Reflections on the progress and future of diversity on campus

When I arrived at Colby as an incoming first-year in fall of 2010, I encountered a paradoxical fact. I was now a part of a campus context that was overwhelmingly white, yet the rhetoric that followed the incoming class of 2014 as it began its integration through COOT, First Class, and  Loudness was one that extolled the presence of remarkable diversity on campus. The paradox—in which pervasively celebratory rhetoric about racial and international diversity is at odds with reality wherein the level of actual diversity is negligible—has continued to lessen as the administration works to diversify an ever-changing student body. Nevertheless, before I took time off, I was originally a member of Colby’s most diverse class. Objectively, though, the class of 2014 was not truly diverse—no class has been.

Even so, diversity remains a paramount objective for the administration and their labor has gradually borne fruit. But the paucity of diversity has had two negative effects on the wider Colby community: first, it has led to a campus that is not as visually inviting as people have claimed; secondly, it has led to a space that is perceived as alienating to people that don’t look, speak, think or act like the majority.  Yet, while this continues to be an issue that plagues Colby, the community has made perceptible progress in the short three-year period I was gone.

In simple terms, the progress is due in large part to the increasing number of minority students on campus: black, brown, queer, non-middle/non-upper class and international. Minorities have contributed and altered the larger culture of the Colby context. On the other hand, the number of students from New England, the number of students that are white, and the number of students interested in athletics don’t just foster a specific sort of culture here at Colby—they constitute it. Thus, when minority students are introduced to and interact with the Colby space, they gradually transform it because their presence within the bigger culture forces and constitutes changes for the entire community—changes that are either accommodative or exclusionary.  On the whole, changes have been accommodative.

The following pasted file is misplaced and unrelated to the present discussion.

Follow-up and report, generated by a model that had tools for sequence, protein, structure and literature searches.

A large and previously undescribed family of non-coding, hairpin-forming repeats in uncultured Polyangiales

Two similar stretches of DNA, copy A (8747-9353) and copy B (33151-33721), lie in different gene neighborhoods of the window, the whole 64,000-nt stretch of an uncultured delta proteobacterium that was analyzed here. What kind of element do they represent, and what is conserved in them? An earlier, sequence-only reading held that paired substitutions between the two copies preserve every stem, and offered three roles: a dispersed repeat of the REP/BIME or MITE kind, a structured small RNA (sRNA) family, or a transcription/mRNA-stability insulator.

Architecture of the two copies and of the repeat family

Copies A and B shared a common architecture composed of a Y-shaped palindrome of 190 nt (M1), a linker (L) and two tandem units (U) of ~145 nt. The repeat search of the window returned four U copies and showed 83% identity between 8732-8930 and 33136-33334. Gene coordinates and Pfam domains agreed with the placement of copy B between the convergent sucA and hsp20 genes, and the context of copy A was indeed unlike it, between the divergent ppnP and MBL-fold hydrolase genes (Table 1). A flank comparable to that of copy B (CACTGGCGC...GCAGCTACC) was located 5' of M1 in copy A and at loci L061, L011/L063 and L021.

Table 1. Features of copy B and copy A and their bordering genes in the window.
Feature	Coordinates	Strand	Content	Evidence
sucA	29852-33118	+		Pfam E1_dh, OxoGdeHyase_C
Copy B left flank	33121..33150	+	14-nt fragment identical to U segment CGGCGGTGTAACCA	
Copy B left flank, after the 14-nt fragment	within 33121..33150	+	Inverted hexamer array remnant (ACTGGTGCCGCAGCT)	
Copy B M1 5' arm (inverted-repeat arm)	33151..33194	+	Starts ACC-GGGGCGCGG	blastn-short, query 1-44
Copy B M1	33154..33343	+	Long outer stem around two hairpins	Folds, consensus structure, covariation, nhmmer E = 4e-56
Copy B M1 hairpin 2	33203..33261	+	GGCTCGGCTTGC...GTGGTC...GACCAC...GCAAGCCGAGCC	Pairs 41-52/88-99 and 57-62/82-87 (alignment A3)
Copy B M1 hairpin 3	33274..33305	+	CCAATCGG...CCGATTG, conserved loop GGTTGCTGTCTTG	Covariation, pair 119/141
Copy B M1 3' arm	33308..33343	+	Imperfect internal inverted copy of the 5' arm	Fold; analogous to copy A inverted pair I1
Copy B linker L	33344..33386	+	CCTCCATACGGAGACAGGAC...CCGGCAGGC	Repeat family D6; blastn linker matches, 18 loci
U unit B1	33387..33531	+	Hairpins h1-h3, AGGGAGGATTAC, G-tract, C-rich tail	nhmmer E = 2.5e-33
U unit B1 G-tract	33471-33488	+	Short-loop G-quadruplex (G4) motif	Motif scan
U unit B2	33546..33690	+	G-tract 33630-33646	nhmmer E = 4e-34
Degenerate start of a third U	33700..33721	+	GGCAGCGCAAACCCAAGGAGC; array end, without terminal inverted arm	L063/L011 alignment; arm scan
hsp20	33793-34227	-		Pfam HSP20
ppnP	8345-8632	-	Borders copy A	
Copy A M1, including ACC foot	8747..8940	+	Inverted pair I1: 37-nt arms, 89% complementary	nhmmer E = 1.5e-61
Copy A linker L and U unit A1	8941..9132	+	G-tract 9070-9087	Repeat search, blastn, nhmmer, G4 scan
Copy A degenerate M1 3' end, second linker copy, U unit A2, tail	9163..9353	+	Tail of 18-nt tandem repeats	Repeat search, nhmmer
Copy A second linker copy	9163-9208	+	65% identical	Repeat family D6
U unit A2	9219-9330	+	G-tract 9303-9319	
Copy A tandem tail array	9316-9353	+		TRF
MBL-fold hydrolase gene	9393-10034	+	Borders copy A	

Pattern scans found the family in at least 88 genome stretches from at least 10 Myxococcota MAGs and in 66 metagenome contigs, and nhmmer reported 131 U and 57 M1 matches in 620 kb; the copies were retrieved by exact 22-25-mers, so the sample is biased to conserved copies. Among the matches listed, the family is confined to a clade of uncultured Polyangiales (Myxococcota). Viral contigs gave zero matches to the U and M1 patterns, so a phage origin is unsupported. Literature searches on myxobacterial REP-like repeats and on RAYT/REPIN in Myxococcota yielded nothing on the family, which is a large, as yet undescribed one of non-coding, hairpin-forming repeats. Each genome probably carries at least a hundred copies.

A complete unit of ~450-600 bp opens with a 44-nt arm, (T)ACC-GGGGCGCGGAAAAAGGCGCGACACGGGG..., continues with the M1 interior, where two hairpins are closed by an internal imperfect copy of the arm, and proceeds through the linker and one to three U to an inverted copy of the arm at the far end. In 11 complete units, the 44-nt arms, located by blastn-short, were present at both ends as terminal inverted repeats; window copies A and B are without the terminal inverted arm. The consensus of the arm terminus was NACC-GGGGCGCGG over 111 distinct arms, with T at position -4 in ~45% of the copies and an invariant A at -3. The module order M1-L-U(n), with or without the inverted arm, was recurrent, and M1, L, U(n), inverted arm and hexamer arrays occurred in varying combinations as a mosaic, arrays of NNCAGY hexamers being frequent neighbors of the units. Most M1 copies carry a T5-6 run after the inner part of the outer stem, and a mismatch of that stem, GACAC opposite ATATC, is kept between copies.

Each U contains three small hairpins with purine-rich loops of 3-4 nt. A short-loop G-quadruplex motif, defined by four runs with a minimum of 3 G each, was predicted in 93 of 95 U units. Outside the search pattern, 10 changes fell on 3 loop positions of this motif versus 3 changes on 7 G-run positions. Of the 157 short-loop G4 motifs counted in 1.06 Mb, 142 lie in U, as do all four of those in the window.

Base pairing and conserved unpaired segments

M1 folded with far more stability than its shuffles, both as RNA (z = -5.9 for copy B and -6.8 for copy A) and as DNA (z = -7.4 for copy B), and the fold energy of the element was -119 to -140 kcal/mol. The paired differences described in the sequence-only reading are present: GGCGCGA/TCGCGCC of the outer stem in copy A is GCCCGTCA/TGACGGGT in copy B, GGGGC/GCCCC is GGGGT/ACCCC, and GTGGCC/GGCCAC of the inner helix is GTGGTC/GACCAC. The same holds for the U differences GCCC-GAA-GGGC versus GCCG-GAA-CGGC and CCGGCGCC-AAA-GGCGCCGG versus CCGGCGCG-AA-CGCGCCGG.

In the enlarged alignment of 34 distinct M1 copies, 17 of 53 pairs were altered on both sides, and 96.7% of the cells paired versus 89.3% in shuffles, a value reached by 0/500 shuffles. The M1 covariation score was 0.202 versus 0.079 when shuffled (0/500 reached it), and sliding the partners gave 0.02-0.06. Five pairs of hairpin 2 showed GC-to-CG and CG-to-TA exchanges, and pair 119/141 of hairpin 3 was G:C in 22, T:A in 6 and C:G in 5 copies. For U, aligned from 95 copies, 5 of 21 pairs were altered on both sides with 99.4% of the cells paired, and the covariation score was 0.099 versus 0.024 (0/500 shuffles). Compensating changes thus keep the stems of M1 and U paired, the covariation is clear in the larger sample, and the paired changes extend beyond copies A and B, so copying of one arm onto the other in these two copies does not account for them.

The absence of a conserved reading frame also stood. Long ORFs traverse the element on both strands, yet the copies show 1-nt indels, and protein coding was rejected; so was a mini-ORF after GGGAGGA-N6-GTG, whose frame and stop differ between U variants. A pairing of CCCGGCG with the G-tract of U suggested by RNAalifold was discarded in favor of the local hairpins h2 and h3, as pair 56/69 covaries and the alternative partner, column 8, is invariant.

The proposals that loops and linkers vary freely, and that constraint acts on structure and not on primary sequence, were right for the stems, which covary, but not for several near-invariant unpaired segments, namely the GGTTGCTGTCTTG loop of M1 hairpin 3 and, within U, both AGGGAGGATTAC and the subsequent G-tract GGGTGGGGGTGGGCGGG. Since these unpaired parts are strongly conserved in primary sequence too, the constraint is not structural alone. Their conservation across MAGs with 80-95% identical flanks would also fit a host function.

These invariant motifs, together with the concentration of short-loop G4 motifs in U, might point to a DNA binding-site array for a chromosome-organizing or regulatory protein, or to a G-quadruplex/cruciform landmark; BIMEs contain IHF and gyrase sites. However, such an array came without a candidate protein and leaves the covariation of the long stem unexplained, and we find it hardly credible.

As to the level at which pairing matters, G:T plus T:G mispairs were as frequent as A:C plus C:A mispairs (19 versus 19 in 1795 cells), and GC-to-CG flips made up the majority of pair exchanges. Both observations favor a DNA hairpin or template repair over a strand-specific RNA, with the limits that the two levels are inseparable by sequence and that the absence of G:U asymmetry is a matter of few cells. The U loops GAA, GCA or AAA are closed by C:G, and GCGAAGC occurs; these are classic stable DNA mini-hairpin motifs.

This progress has allowed for students like me to speak, think and act in ways that are natural and reflective of their own cultural identity. In 2010, Colby was much less diverse, so people were less inclined to participate in the larger culture due to social anxiety and fear of alienation. In 2015, things have improved.  Now every kid doesn’t sound like he’s from twenty-minutes outside of Boston; granted, I love my Bostonians and New Englanders to death.  But now there are kids that talk like they’re from Brooklyn and do so proudly.

In short, the level of comfort felt by minority groups is increasing each year as students of color see things about themselves reflected in the broader community. That’s powerful and it’s a remarkably noticeable fact for people who knew Colby as painfully homogeneous only just a few years ago.

Relations between students of different backgrounds have been positively affected; relations are stronger and more intimate. And that’s the basis for a cohesive and thriving student community. As time goes on, with the administration increasing diversity annually, and students of various backgrounds and persuasions entering into the Colby context and reconstituting the space, students’ happiness increases as well. That’s what we all want at the end of the day, right?

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